I'm trying to reconcile these two statements from the MERS Mortgage Registry.
“The MERS System is not a legal system of record or a replacement for public land records. No interests are transferred on the system—they are only tracked,” Smith, Merscorp vice president of corporate communications, wrote in a response to emailed questions. “MERS does not have or maintain any document recording system, public or private, and does not do anything to compete with or supplant the public records for land located in the County records.”OK. That could be true.
MERS is the true owner of the mortgage, and is not, in the complaint’s words, a “straw man” placeholder listed in public records.“The ‘owner of the loan’ is the party who has possession of the promissory note, but the promissory note is not, and has never been, and is not required to be disclosed or filed in the public records”I'm now totally confused. I'm a mere engineer with a small understanding of electron flows. This legal stuff has me confused.
Congress to the Rescue.
A new Senate bill proposing to wind down the GSEs by at least 10% a year also includes a provision that would replace the private MERS System with an identical platform run by the Federal Housing Finance Agency (FHFA) — along with new national standards for mortgage title transfers.Well they accidentally let the cat out of the bag.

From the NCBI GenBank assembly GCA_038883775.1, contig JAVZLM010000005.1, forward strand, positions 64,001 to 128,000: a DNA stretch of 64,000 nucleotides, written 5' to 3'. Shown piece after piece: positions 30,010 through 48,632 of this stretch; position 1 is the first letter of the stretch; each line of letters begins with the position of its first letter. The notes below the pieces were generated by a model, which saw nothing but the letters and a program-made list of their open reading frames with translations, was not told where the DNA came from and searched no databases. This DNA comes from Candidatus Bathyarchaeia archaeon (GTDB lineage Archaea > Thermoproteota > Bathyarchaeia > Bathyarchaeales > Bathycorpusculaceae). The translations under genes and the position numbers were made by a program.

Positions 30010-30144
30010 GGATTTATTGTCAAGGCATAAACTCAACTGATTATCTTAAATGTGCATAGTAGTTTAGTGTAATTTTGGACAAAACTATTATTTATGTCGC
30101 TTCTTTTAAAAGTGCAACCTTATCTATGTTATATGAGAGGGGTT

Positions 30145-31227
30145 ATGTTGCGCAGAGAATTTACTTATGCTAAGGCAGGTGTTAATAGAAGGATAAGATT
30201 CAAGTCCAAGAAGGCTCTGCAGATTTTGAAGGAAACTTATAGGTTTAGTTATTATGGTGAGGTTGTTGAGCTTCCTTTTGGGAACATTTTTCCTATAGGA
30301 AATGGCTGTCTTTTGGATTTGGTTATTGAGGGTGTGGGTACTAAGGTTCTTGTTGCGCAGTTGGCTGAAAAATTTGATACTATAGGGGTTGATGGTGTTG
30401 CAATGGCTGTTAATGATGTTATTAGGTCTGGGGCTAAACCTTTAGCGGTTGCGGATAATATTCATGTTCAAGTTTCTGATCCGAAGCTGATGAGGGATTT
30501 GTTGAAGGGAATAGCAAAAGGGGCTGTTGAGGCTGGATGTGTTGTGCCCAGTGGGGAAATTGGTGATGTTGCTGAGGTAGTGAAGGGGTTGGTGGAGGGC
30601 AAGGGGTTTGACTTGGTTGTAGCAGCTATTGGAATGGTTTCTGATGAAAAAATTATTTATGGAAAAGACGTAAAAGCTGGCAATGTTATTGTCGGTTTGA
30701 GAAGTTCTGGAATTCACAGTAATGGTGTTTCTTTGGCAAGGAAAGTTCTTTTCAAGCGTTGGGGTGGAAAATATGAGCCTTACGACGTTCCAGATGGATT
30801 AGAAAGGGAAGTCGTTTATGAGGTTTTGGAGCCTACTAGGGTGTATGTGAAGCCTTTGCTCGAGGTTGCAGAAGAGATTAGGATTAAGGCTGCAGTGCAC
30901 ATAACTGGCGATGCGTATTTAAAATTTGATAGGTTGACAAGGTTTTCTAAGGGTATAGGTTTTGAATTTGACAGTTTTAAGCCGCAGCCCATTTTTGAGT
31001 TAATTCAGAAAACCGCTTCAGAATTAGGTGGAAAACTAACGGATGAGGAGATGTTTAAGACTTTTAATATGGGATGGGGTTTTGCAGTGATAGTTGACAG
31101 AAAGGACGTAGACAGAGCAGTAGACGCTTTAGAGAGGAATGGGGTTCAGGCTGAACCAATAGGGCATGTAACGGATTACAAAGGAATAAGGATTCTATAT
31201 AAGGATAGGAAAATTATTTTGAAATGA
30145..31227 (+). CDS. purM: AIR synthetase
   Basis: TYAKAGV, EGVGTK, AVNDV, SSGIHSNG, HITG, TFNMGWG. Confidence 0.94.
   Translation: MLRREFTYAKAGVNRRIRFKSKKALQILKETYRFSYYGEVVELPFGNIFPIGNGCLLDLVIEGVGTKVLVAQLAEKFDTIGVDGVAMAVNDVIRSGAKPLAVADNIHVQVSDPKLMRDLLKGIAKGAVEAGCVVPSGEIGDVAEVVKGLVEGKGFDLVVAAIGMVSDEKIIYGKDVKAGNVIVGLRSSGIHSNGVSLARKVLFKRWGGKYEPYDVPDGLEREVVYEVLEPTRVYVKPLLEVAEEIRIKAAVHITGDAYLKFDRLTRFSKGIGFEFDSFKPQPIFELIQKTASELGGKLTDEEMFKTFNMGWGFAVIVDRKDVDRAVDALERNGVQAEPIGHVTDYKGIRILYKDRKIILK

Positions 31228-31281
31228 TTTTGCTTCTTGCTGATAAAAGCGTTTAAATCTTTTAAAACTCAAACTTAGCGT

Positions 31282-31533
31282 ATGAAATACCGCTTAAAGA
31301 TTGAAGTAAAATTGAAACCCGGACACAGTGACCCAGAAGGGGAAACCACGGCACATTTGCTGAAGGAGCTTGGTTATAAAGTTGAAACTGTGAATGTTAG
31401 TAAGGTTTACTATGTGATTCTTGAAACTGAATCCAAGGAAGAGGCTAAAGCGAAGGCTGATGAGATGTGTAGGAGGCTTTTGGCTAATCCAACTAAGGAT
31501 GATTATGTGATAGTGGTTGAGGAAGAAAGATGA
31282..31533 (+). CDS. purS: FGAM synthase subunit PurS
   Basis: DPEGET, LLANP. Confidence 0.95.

The bill outlines the director of the FHFA to establish “MERS 2” and incorporate a single national database for all mortgage title transfers, to be maintained and operated by FHFA.
In his first-ever, and so far only, media interview since becoming president and CEO of Merscorp in April, Bill Beckmann told MT that Merscorp can and must succeed as a revamped company with a higher level of scrutiny on its operation.And who is behind this little proposed bail out of the mortgage slicers and dicers? Sen. Bob Corker, R-Tenn.
“If this model doesn't work, there are only two outcomes I could see,” Beckmann said in the interview, which appeared in the September issue of MT. “One would be a nationalized approach. Personally, I think that's nuts. Why would you go that route when you're already 60% of the way there with something the regulators and the constituents say is OK?”
So real estate will no longer be a state issue but a Federal one based on Federal preemption. I predict that if they actually try to pull this off the transition will be a bitch.
As my grand pappy used to say, "They are all crooks."
H/T Zero Hedge
Cross Posted at Classical Values